US8977723B2 - Cloud based application fragmentation - Google Patents

Cloud based application fragmentation Download PDF

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US8977723B2
US8977723B2 US14167939 US201414167939A US8977723B2 US 8977723 B2 US8977723 B2 US 8977723B2 US 14167939 US14167939 US 14167939 US 201414167939 A US201414167939 A US 201414167939A US 8977723 B2 US8977723 B2 US 8977723B2
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application
fragments
computing device
computer
fragment
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US20140149558A1 (en )
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Justin Quan
Michael A. Chan
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Razer (Asia-Pacific) Pte Ltd
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NextBit Systems Inc
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    • HELECTRICITY
    • H04ELECTRIC COMMUNICATION TECHNIQUE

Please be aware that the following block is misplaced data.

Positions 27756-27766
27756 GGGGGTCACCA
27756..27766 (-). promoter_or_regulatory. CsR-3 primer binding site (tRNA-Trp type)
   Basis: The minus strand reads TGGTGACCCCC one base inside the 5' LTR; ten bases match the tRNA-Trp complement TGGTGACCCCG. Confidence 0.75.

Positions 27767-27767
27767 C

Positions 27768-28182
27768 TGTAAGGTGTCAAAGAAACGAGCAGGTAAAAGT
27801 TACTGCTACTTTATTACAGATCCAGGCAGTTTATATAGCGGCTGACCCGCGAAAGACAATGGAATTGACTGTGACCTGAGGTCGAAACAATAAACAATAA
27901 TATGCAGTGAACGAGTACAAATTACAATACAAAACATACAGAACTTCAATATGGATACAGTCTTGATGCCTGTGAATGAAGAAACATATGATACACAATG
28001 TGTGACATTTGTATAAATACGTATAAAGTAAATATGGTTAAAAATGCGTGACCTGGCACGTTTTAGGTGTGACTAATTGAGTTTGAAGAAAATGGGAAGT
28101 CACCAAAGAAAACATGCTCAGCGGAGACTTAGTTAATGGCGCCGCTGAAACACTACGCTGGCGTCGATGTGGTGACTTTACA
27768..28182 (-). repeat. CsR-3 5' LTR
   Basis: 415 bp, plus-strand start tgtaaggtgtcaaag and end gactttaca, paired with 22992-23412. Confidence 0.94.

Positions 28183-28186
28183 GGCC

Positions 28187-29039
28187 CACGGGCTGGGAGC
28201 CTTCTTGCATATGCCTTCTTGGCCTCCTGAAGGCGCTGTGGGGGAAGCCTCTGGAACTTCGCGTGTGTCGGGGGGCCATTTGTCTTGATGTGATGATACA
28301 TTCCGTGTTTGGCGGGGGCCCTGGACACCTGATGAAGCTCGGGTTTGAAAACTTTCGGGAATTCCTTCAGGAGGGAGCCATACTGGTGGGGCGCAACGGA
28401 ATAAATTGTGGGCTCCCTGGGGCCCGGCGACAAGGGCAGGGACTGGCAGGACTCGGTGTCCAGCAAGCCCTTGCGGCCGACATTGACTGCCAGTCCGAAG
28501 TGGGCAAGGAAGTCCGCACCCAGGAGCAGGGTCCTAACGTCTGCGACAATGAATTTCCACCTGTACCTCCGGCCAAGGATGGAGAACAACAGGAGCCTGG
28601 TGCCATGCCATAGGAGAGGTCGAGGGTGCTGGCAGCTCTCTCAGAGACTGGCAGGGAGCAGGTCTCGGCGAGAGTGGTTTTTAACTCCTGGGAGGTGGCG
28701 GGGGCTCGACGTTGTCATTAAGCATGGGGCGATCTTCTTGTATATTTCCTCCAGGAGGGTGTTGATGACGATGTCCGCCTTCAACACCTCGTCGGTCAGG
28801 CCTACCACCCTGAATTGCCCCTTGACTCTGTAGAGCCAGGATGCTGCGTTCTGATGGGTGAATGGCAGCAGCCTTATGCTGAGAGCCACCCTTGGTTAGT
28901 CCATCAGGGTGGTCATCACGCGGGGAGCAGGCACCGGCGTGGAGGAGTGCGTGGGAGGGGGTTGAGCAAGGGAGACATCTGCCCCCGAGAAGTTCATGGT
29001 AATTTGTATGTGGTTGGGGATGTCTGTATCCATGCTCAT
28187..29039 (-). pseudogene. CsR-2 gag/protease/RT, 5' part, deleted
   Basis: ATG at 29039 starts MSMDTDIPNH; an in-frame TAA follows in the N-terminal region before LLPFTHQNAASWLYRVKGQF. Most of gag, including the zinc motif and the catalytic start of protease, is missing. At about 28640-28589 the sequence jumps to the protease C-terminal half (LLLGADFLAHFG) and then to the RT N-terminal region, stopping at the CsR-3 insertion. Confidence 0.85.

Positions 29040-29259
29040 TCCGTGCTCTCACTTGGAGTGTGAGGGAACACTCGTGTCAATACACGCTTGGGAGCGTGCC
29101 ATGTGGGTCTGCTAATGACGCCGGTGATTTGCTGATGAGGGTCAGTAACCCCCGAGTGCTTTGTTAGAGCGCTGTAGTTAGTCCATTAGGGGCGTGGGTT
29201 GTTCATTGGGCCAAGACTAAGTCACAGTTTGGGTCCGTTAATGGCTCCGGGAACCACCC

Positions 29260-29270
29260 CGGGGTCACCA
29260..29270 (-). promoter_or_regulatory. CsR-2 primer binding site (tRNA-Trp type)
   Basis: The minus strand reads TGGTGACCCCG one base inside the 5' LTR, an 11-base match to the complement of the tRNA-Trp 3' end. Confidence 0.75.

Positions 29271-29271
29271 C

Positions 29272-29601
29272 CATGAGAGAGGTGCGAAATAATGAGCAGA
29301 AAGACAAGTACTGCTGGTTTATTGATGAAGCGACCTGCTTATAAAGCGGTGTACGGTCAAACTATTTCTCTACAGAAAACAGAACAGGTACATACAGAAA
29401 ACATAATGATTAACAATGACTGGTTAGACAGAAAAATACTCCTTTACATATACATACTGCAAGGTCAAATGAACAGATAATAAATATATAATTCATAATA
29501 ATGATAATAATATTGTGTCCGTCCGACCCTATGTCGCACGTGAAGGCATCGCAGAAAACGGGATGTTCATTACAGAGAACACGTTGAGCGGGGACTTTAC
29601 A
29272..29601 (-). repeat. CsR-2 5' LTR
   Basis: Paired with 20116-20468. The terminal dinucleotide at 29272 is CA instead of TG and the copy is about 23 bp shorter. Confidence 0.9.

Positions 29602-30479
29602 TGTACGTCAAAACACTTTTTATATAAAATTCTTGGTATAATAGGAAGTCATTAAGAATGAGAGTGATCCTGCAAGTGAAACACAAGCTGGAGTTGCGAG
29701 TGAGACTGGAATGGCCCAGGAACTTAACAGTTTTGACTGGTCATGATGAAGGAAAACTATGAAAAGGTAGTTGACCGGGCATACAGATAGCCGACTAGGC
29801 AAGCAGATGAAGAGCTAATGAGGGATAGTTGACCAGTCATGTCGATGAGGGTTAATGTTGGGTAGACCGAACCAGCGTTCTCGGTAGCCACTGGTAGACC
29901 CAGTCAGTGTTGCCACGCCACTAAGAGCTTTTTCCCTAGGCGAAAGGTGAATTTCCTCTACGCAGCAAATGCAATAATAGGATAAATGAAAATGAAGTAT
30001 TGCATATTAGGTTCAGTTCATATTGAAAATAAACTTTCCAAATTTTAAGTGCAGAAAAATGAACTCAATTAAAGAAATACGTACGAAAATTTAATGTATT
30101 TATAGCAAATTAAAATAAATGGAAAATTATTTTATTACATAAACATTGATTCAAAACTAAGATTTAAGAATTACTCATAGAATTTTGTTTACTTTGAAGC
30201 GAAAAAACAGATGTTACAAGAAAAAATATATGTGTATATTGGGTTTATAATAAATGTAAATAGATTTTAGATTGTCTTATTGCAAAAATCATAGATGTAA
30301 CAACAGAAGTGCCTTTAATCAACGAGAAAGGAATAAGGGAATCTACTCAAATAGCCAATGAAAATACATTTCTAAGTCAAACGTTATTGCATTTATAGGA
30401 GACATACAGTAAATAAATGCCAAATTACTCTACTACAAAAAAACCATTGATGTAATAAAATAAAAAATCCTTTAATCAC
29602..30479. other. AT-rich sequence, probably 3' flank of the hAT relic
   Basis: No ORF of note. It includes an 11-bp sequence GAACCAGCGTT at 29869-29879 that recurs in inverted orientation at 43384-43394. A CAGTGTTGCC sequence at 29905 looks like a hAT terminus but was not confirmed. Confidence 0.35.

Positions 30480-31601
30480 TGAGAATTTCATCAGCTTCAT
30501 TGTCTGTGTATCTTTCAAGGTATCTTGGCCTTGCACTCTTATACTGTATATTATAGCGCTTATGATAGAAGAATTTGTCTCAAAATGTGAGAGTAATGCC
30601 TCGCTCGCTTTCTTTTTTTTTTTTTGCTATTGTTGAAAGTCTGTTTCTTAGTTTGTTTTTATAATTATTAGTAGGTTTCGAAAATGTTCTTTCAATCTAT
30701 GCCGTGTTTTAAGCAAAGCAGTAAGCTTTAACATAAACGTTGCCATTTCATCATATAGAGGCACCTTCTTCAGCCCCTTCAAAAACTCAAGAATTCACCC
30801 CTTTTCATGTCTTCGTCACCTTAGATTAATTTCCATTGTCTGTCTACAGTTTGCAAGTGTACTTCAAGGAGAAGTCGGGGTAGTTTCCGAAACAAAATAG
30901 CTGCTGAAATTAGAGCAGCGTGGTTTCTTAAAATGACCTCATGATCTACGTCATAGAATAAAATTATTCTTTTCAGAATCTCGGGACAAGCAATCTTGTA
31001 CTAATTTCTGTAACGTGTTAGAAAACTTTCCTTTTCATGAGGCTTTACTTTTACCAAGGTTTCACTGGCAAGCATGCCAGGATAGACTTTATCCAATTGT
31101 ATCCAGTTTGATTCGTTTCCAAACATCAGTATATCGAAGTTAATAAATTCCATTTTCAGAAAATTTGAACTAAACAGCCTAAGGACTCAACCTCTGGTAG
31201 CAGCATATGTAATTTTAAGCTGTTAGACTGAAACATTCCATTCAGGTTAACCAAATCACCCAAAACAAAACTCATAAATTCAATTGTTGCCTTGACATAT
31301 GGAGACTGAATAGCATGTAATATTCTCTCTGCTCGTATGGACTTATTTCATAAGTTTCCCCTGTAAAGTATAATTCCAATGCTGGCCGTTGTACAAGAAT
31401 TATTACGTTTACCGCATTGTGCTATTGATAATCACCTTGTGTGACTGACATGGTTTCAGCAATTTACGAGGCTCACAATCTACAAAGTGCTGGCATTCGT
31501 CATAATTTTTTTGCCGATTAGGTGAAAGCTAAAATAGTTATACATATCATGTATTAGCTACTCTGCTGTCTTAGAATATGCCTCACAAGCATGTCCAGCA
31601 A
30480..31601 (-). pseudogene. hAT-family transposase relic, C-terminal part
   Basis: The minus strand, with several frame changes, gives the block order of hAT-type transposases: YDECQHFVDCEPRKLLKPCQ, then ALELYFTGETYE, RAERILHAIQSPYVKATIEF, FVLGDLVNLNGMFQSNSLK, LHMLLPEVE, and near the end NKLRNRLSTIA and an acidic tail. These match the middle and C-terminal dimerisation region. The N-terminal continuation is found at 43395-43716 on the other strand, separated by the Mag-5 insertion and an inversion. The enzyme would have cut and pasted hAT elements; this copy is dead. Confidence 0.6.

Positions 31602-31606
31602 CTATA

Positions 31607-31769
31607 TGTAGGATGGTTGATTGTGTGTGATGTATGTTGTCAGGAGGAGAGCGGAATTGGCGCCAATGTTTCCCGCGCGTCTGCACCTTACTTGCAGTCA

• H04LTRANSMISSION OF DIGITAL INFORMATION, e.g. TELEGRAPHIC COMMUNICATION
    • H04L65/00Network arrangements or protocols for real-time communications
    • H04L65/60Media handling, encoding, streaming or conversion
    • GPHYSICS
    • G06COMPUTING; CALCULATING; COUNTING
    • G06FELECTRIC DIGITAL DATA PROCESSING
    • G06F9/00Arrangements for program control, e.g. control units
    • G06F9/06Arrangements for program control, e.g. control units using stored programs, i.e. using an internal store of processing equipment to receive or retain programs
    • G06F9/44Arrangements for executing specific programs
    • G06F9/445Program loading or initiating
    • G06F9/44568Immediately runnable code
    • G06F9/44578Preparing or optimising for loading